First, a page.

The FAS Weekly Export Sales report last Thursday shows Corn Weekly Export Sales for the week ending November 22, 2018 at 1, 266,460 metric tons (Chart 1, 2019 orange line). This was greater than the estimates of 400,000 – 600,000 metric tons. It is more impressive to view the Accumulated Exports for the new market year at 437.8 million bushels (Chart 2, 2019 orange line). Export demand is strong, and that is reflected in the rising prices. We suggest consideration of a long position in the Corn March – July calendar spread or other similar spreads.
In contrast to corn, the FAS Weekly Export Sales report shows Soybeans Weekly Export Sales at 628,783 metric tons (Chart 3, 2019 orange line). The Chinese import tariffs have significantly reduced US soybeans exports. The Accumulated Exports at 437.8 million bushels (Chart 4, 2019 orange line) is the lowest in the last 6 years.
Normally this would indicate lower prices, but President Trump and Chinese president Xi Jinping at the G20 meeting agreed to a 90-day moratorium on tariffs. According to the White House, the Chinese have agreed to buy an unspecified but “very substantial” quantity of agricultural products. Prices in both corn and soybeans gapped up at the opening of trading Sunday night.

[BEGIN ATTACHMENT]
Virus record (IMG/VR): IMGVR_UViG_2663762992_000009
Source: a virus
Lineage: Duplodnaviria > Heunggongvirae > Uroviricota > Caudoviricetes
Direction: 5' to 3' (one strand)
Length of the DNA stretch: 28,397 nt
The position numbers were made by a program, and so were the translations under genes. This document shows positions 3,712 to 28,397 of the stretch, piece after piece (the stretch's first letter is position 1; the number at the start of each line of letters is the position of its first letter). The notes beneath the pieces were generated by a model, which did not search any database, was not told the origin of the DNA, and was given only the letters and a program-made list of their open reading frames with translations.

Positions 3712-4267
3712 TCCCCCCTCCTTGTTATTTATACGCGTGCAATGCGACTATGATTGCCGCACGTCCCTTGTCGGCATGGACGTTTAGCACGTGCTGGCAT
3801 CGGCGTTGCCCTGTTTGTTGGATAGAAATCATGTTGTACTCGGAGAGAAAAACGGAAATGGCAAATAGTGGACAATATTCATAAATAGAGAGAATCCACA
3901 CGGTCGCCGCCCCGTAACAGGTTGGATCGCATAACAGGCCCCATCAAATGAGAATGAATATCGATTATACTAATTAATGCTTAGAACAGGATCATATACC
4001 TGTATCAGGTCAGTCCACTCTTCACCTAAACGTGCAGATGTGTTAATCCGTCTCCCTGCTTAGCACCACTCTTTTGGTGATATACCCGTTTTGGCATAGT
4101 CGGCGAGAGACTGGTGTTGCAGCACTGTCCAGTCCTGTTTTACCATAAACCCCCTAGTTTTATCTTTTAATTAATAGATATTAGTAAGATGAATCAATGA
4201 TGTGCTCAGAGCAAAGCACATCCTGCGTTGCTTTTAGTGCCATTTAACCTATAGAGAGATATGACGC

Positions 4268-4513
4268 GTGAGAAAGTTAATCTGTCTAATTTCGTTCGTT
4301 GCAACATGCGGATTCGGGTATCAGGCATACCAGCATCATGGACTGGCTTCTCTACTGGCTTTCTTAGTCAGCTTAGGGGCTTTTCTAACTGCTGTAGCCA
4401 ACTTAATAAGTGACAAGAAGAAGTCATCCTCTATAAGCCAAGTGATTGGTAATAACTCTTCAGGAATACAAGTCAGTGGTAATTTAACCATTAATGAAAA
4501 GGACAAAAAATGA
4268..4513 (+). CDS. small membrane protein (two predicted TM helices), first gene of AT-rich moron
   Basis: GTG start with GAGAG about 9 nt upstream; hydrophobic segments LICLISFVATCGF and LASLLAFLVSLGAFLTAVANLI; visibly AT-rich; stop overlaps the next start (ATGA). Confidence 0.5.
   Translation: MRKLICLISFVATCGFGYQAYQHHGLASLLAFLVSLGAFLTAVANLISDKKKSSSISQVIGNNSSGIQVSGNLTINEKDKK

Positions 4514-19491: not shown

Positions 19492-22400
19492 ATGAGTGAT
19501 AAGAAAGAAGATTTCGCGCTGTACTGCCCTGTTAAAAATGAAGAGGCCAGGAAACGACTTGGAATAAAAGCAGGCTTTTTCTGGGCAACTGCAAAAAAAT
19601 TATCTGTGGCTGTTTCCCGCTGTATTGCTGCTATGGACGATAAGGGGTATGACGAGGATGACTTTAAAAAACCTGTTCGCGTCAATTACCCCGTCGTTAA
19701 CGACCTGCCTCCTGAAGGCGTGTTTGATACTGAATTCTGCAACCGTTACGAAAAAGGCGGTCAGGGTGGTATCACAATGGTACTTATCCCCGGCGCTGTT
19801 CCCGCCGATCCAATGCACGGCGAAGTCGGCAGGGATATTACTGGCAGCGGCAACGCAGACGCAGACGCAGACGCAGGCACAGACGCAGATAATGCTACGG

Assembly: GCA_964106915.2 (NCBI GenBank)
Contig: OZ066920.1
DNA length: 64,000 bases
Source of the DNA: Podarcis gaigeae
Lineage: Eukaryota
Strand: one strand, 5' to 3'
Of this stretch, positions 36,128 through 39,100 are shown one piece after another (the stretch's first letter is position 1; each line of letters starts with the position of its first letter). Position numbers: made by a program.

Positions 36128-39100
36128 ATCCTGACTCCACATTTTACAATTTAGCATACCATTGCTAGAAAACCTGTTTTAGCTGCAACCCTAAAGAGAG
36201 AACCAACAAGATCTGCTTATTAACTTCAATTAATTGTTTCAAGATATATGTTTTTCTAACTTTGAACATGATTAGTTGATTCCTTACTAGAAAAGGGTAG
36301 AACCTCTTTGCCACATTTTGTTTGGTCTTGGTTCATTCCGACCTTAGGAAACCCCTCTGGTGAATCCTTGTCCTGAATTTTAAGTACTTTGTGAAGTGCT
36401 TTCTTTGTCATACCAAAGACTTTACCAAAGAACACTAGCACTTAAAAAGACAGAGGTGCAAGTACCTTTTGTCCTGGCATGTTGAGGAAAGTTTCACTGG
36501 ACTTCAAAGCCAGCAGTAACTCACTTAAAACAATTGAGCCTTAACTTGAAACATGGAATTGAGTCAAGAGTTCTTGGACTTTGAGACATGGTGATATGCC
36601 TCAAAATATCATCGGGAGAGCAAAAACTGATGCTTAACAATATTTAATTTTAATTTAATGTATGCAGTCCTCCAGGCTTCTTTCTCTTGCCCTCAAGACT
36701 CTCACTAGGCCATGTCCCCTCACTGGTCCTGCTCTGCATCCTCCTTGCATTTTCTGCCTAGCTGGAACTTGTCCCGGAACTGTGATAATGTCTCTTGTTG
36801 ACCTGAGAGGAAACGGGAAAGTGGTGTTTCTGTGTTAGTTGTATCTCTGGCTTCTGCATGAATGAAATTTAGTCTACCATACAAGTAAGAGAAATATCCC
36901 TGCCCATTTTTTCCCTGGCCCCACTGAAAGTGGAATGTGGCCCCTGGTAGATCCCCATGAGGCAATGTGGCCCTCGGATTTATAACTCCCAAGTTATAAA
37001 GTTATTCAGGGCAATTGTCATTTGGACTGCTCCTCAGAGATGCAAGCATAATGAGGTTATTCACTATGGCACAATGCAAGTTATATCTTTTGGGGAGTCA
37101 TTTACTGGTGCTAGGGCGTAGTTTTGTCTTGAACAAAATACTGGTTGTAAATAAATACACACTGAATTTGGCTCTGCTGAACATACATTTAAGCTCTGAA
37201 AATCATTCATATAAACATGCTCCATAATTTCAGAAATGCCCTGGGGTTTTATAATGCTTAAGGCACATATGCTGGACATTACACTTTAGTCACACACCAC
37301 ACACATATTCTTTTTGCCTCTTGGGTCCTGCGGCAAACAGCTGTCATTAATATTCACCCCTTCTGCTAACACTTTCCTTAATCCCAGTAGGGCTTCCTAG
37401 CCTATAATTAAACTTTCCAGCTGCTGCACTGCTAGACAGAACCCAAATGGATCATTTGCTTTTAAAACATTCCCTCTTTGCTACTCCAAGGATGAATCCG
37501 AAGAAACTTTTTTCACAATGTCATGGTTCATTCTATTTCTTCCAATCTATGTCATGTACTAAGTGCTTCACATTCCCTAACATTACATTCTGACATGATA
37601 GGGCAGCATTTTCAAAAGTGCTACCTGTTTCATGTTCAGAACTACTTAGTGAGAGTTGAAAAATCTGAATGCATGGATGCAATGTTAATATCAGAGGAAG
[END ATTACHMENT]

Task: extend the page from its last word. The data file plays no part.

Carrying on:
Due to the large amounts of soybeans in storage, soybean calendar spreads are at the lowest values in several years. It is too early to know if exports will now recover so that the calendar spreads increase. We recommend remaining on the trading sidelines until a few more weeks of data are released to assess the effects of the tariffs moratorium.
The collapse of Crude Oil prices in the last two months is reflected in the forward curve of Brent Crude Oil (Chart 5) and more dramatically in the forward curve of WTI Crude Oil (Chart 6). These markets being in contango puts downward pressure on prices. However, the US-China agreement on the 90-day tariffs moratorium caused most commodity prices to jump, with WTI Crude gapping up $1.50 on the Sunday evening open.
The winter meeting of OPEC begins on Thursday to determine output. OPEC, along with Russia, is expected to announce production cuts to reduce the oversupply in the global crude oil market. Qatar has said it will leave OPEC in January; however, Qatar’s crude oil production is only about 600,000 bpd. Analysts estimate that a production cut of more than 1 million barrels per day is needed to stabilize or increase prices. Consequently, in the short term, crude oil prices will be affected more by news headlines than fundamental supply/demand factors. So we recommend being on the trading sidelines until output cuts and their timing are officially announced.